What To Make Of Red Sox’s Rumored Interest In A.J. Pollock Before Trade

The Dodgers dealt Pollock to the White Sox for Craig Kimbrel


April 1

Friday’s trade between the Dodgers and White Sox probably caught the attention of many Red Sox fans because of Craig Kimbrel’s inclusion. After all, Kimbrel spent three seasons with Boston from 2016 to 2018, during which he earned three All-Star selections and won a World Series title.

But the player dealt for Kimbrel — A.J. Pollock — is even more notable as it relates to the 2022 Red Sox, as ESPN’s Buster Olney reported Boston was among the teams with at least some interest in the veteran outfielder before Los Angeles shipped him to Chicago.

So, what should we make of this?

Well, it basically just confirms what we already knew: The Red Sox need a right-handed-hitting outfielder, and chief baseball officer Chaim Bloom is well aware of this flaw in an otherwise good-looking roster.

Bloom at the start of spring training voiced his desire to add a right-handed bat. He responded by signing Trevor Story — the best one still available in free agency — to a six-year, $140 million contract.

The move made sense for several reasons, not the least of which is that it allows Kiké Hernández to remain in the outfield on a full-time basis. Story will play second base in 2022, while shortstop Xander Bogaerts will continue to hold down his usual position.

Still, the Story signing didn’t exactly clear up Boston’s outfield picture. Because while Hernández and Alex Verdugo are penciled into everyday roles in center field and left field, respectively, the Red Sox face a rather precarious situation in right field, where a lot of weight sits on Jackie Bradley Jr.’s shoulders.

Bradley is an elite defensive outfielder, but he historically has been a streaky hitter and is coming off a 2021 in which he really struggled at the plate. Boston’s best course of action would be to install a platoon, with Bradley, a left-handed hitter, starting against right-handers and someone else garnering most of the at-bats against southpaws.

Red Sox manager Alex Cora already said J.D. Martinez, the team’s primary designated hitter, could see time in right field against lefties. And Christian Arroyo, an infielder by trade, is another internal candidate to move out onto the grass on days when the Red Sox would rather not start Bradley.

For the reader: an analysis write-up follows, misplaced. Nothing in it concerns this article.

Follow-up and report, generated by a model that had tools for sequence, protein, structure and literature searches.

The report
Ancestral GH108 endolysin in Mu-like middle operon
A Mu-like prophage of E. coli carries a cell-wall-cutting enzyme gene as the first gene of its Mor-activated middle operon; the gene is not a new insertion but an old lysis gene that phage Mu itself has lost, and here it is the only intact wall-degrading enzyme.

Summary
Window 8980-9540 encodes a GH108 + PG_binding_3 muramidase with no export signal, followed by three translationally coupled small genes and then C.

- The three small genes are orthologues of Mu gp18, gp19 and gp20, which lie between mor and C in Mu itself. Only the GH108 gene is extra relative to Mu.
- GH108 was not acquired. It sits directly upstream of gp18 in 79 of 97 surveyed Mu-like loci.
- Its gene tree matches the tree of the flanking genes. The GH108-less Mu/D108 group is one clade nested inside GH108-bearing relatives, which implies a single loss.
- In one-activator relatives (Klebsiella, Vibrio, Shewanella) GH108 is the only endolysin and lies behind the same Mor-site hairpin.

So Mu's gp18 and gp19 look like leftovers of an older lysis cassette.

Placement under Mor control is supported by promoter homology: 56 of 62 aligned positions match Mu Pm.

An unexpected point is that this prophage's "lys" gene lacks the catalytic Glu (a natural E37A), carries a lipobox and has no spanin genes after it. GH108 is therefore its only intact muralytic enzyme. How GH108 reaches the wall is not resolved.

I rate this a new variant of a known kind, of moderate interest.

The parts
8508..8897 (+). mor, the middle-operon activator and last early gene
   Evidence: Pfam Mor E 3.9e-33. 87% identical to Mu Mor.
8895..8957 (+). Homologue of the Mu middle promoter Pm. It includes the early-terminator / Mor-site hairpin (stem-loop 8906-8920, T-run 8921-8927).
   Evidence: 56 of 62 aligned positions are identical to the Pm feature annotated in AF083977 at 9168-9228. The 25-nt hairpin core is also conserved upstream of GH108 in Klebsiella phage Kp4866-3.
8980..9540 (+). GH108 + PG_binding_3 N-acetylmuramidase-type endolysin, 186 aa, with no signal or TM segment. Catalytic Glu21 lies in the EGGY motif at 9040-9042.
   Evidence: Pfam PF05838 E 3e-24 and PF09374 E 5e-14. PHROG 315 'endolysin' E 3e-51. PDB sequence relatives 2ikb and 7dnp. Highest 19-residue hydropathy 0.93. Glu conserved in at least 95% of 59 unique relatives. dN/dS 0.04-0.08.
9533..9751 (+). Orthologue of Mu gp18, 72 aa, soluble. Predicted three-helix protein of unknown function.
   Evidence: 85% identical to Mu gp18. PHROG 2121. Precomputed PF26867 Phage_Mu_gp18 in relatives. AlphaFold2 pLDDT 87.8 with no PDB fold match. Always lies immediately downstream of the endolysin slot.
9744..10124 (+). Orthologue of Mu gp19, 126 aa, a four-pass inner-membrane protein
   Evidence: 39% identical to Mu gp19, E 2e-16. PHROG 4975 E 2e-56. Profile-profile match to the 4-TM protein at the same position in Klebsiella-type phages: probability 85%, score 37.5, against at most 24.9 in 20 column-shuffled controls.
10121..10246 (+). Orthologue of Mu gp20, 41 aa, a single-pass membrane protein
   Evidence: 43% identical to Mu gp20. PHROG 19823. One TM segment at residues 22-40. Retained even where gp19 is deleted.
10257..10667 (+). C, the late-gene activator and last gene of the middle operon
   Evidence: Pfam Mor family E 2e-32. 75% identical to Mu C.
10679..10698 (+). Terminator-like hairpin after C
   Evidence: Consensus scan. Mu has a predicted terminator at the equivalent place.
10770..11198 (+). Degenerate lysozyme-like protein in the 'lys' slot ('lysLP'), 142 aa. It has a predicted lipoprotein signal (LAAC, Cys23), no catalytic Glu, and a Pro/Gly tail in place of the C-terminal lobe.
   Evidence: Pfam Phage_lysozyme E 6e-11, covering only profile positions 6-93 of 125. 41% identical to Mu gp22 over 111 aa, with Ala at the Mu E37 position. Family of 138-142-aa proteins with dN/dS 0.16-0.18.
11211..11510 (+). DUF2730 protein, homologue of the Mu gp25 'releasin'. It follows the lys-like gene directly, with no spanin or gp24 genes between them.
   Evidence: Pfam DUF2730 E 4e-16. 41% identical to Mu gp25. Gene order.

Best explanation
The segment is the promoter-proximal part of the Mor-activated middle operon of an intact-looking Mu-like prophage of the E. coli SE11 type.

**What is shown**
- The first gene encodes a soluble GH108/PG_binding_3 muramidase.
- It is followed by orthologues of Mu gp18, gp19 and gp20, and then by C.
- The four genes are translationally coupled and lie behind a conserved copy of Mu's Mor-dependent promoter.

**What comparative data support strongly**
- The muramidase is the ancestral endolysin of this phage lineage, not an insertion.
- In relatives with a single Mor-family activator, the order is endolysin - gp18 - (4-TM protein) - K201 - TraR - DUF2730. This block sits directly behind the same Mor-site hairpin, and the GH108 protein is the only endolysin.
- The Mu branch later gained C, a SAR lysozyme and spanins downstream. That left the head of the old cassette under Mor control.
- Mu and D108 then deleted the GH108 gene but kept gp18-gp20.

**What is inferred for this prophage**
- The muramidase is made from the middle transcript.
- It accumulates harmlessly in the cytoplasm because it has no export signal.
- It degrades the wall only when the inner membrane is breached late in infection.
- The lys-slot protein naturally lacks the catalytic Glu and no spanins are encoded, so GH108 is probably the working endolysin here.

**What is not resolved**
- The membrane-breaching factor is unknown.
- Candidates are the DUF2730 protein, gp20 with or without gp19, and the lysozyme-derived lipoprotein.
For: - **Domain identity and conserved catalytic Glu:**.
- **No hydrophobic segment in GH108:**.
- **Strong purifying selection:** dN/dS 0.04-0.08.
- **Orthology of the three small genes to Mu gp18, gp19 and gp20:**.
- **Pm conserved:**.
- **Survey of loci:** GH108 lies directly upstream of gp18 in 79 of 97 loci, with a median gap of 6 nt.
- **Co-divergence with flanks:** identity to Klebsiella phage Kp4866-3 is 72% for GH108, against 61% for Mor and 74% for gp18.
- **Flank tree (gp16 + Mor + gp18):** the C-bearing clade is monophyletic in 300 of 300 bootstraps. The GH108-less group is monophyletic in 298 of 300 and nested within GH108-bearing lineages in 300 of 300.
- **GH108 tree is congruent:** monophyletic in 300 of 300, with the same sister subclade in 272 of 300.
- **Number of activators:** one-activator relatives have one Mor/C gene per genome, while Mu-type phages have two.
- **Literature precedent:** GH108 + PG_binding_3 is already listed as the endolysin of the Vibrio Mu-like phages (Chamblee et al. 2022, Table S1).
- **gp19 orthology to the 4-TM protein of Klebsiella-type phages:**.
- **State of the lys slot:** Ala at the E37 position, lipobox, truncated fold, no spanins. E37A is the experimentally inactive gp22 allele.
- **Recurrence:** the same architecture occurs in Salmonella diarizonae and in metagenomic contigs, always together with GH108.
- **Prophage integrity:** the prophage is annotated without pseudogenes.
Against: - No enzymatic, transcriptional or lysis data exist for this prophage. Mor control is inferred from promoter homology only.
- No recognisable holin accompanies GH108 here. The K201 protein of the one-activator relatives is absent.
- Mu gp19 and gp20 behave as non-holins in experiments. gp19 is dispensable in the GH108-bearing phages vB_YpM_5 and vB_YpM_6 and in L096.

Neither is an ideal scenario, obviously. Martinez, who turns 35 in August, has his defensive shortcomings and is a threat to wear down late in the year if pushed too aggressively in that regard. Arroyo, meanwhile, has zero big league experience in the outfield.

As constructed, the Red Sox might be forced to rely on someone like Rob Refsynder, a non-roster invitee, to begin the regular season. He’s not a terrible option, as a versatile, experienced, right-swinging outfielder who had success against lefties in 2021. But his ceiling is limited, hence Boston’s rumored interest in Pollock, a 2015 All-Star who remained a solid contributor with the Dodgers the past three years after spending his first seven seasons with the Arizona Diamondbacks.

Among MLB outfielders with at least 400 plate appearances last season, Pollock ranked 22nd in fWAR (3.0), right behind Kyle Schwarber (3.1) and a spot above Martinez (2.9). Pollock ranked 11th in wRC+, posting an even higher mark (137) than Mookie Betts (131), among others.

Overall, Pollock slashed .297/.355/.536 with 21 home runs, 69 RBIs and nine stolen bases across 117 games (422 plate appearances) in 2021. He’s missed a lot of time due to injuries throughout his career, but he’s a productive right-handed hitter who also provides value defensively and on the bases.

Pollock would have been an excellent fit for the Red Sox, especially with a reasonable contract that pays him $10 million in 2022 and carries a $10 million player option for 2023 that includes a $5 million buyout. It stands to reason, then, that the White Sox simply weren’t interested in whatever package the Red Sox were willing/able to assemble.

Nevertheless, the larger point remains: While the Red Sox should feel good about their chances of contending in the American League East, as assembled, they’re not without holes, and Friday’s Dodgers-White Sox trade offered another glimpse of one area Boston might shore up at some point.

Thumbnail photo via Joe Camporeale/USA TODAY Sports Images
Previous Article

Giannis Antetokounmpo's MVP Odds Improve Following Sensational Week

NESN College Hockey Notebook
Next Article

College Hockey Notebook: What To Watch For In Frozen Four Matchups

Picked For You